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The role of national culture in the adoption of International Financial Reporting Standards

The role of national culture in the adoption of International Financial Reporting Standards
The role of national culture in the adoption of International Financial Reporting Standards
We examine the relation between four cultural dimensions and countries’ decisions to adopt International Financial Reporting Standards (IFRS) around the world. Using a sample of 76 non-EU countries, we analyze IFRS adoption decisions during the period 2003-2014 to test the hypothesis that country differences in cultural traits can explain parts of the variation in countries’ decisions to adopt IFRS. We find that countries with higher levels of uncertainty avoidance are more likely to adopt IFRS. Additionally, they are more likely to commit to early adoption largely on a voluntary rather than mandatory basis. On the other hand, countries with higher values of masculinity are more likely to adopt IFRS early, but the extent (whether voluntary or mandatory adoption) of adoption is not significantly related to masculinity. The results, which are robust to a number of alternative explanations and specifications, suggest that differences in national culture had a significant role in countries’ reaction to the introduction of IFRS as a set of unified accounting standards targeting the harmonization of accounting standards adopted across different jurisdictions.
Culture, IFRS, Institutions, macroeconomic factors, accounting standards
0275-5319
1-19
Moataz El-Helaly, Moataz
9ad0ad1b-4aa0-4467-ae5b-d492face9470
Ntim, Collins
1f344edc-8005-4e96-8972-d56c4dade46b
Soliman, Mark
c3b52c29-348f-41d3-a540-ba90d6657003
Moataz El-Helaly, Moataz
9ad0ad1b-4aa0-4467-ae5b-d492face9470
Ntim, Collins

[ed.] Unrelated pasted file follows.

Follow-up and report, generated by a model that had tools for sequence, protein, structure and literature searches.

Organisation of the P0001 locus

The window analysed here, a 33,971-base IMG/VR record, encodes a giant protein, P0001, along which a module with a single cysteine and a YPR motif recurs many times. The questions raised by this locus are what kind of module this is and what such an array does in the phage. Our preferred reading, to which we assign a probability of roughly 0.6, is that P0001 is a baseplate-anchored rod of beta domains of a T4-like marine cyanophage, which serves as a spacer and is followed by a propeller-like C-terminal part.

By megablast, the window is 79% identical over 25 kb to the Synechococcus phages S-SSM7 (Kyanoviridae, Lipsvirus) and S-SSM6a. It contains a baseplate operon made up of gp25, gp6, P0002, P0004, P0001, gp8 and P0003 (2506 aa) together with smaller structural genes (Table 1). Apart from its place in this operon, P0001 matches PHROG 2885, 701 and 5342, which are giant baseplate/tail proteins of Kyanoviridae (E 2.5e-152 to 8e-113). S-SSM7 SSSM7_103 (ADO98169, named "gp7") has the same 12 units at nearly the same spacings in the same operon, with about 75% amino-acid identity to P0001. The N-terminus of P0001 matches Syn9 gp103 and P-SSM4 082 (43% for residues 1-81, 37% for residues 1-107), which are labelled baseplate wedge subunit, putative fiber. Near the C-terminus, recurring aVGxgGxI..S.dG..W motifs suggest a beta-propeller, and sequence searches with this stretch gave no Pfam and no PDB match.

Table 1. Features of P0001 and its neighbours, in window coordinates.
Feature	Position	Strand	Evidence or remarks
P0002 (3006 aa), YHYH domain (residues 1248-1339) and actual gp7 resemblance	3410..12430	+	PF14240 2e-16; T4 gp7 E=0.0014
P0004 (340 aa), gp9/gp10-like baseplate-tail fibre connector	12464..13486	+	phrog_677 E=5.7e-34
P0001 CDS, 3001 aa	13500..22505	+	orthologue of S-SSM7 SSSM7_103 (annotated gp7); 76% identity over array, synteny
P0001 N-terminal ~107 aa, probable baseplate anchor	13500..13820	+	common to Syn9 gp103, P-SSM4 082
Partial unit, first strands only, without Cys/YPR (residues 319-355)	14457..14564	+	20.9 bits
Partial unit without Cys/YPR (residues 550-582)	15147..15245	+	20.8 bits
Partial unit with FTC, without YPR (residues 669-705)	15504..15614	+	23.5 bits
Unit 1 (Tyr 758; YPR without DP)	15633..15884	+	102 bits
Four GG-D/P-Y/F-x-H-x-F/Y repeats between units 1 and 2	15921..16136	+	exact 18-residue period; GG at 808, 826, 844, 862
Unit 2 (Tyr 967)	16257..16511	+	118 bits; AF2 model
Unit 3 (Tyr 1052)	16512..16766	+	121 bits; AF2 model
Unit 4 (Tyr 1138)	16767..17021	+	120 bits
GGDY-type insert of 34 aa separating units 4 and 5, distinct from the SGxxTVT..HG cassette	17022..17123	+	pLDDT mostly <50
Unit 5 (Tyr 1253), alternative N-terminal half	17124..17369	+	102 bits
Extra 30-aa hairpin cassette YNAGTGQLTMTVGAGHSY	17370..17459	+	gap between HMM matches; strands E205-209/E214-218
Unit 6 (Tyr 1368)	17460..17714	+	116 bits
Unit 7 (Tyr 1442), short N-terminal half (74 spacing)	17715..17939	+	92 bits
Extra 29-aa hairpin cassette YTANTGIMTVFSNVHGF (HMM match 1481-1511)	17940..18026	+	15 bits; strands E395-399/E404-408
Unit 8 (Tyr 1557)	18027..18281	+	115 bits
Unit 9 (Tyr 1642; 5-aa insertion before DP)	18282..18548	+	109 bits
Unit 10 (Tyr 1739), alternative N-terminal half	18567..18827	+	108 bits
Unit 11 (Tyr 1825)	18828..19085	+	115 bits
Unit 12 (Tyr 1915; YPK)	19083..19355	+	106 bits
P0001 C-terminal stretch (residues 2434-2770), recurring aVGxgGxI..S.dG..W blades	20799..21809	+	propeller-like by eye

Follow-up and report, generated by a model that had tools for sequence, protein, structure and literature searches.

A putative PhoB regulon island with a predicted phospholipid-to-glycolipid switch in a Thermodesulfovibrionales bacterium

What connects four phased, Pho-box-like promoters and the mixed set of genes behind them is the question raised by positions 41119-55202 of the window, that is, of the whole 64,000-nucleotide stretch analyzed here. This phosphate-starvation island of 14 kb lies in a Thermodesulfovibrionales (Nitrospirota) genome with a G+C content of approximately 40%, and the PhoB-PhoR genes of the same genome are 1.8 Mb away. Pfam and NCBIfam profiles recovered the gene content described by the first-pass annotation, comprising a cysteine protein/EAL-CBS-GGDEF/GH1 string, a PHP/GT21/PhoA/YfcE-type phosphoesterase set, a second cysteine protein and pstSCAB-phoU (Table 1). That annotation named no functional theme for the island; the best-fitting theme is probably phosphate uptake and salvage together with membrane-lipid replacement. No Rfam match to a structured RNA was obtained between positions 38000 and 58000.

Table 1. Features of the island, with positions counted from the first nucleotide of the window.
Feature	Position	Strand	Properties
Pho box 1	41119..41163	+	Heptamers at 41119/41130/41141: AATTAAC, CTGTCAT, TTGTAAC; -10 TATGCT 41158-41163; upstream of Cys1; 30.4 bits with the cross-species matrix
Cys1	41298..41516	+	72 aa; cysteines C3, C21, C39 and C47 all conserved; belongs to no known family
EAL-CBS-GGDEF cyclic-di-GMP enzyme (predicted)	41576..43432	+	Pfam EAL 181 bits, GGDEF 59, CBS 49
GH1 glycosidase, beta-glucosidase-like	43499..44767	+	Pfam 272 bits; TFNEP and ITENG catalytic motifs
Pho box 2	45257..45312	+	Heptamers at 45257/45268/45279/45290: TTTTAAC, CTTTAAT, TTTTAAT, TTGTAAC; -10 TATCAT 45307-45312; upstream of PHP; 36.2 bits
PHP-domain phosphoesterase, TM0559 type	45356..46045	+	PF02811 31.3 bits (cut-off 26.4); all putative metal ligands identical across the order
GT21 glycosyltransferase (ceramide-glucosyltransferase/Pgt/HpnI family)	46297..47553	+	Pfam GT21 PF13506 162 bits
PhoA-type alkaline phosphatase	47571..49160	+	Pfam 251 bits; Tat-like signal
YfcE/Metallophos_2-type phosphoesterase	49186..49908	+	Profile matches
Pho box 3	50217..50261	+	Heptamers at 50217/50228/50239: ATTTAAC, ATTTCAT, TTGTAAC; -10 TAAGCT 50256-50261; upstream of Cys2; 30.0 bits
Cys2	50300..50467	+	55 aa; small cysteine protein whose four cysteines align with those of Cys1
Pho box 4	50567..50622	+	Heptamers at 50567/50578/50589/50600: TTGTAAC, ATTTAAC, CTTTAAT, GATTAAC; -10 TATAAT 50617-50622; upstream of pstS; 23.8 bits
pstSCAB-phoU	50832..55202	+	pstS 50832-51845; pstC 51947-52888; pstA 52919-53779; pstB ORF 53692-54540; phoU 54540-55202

1f344edc-8005-4e96-8972-d56c4dade46b
Soliman, Mark
c3b52c29-348f-41d3-a540-ba90d6657003

Moataz El-Helaly, Moataz, Ntim, Collins and Soliman, Mark (2020) The role of national culture in the adoption of International Financial Reporting Standards. Research in International Business and Finance, 54, 1-19, [101241]. (doi:10.1016/j.ribaf.2020.101241).

Record type: Article

Abstract

We examine the relation between four cultural dimensions and countries’ decisions to adopt International Financial Reporting Standards (IFRS) around the world. Using a sample of 76 non-EU countries, we analyze IFRS adoption decisions during the period 2003-2014 to test the hypothesis that country differences in cultural traits can explain parts of the variation in countries’ decisions to adopt IFRS. We find that countries with higher levels of uncertainty avoidance are more likely to adopt IFRS. Additionally, they are more likely to commit to early adoption largely on a voluntary rather than mandatory basis. On the other hand, countries with higher values of masculinity are more likely to adopt IFRS early, but the extent (whether voluntary or mandatory adoption) of adoption is not significantly related to masculinity. The results, which are robust to a number of alternative explanations and specifications, suggest that differences in national culture had a significant role in countries’ reaction to the introduction of IFRS as a set of unified accounting standards targeting the harmonization of accounting standards adopted across different jurisdictions.

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Accepted_RIBF_9_May_2020 - Accepted Manuscript
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Accepted/In Press date: 9 May 2020
e-pub ahead of print date: 20 May 2020
Published date: December 2020
Keywords: Culture, IFRS, Institutions, macroeconomic factors, accounting standards

Identifiers

Local EPrints ID: 441031
URI: http://eprints.soton.ac.uk/id/eprint/441031
ISSN: 0275-5319
PURE UUID: 1b150ce0-42c6-4f38-a685-06fcbacb3b8f
ORCID for Collins Ntim: ORCID iD orcid.org/0000-0002-1042-4056

Catalogue record

Date deposited: 27 May 2020 16:56
Last modified: 28 Nov 2021 05:01

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Contributors

Author: Moataz Moataz El-Helaly
Author: Collins Ntim ORCID iD
Author: Mark Soliman

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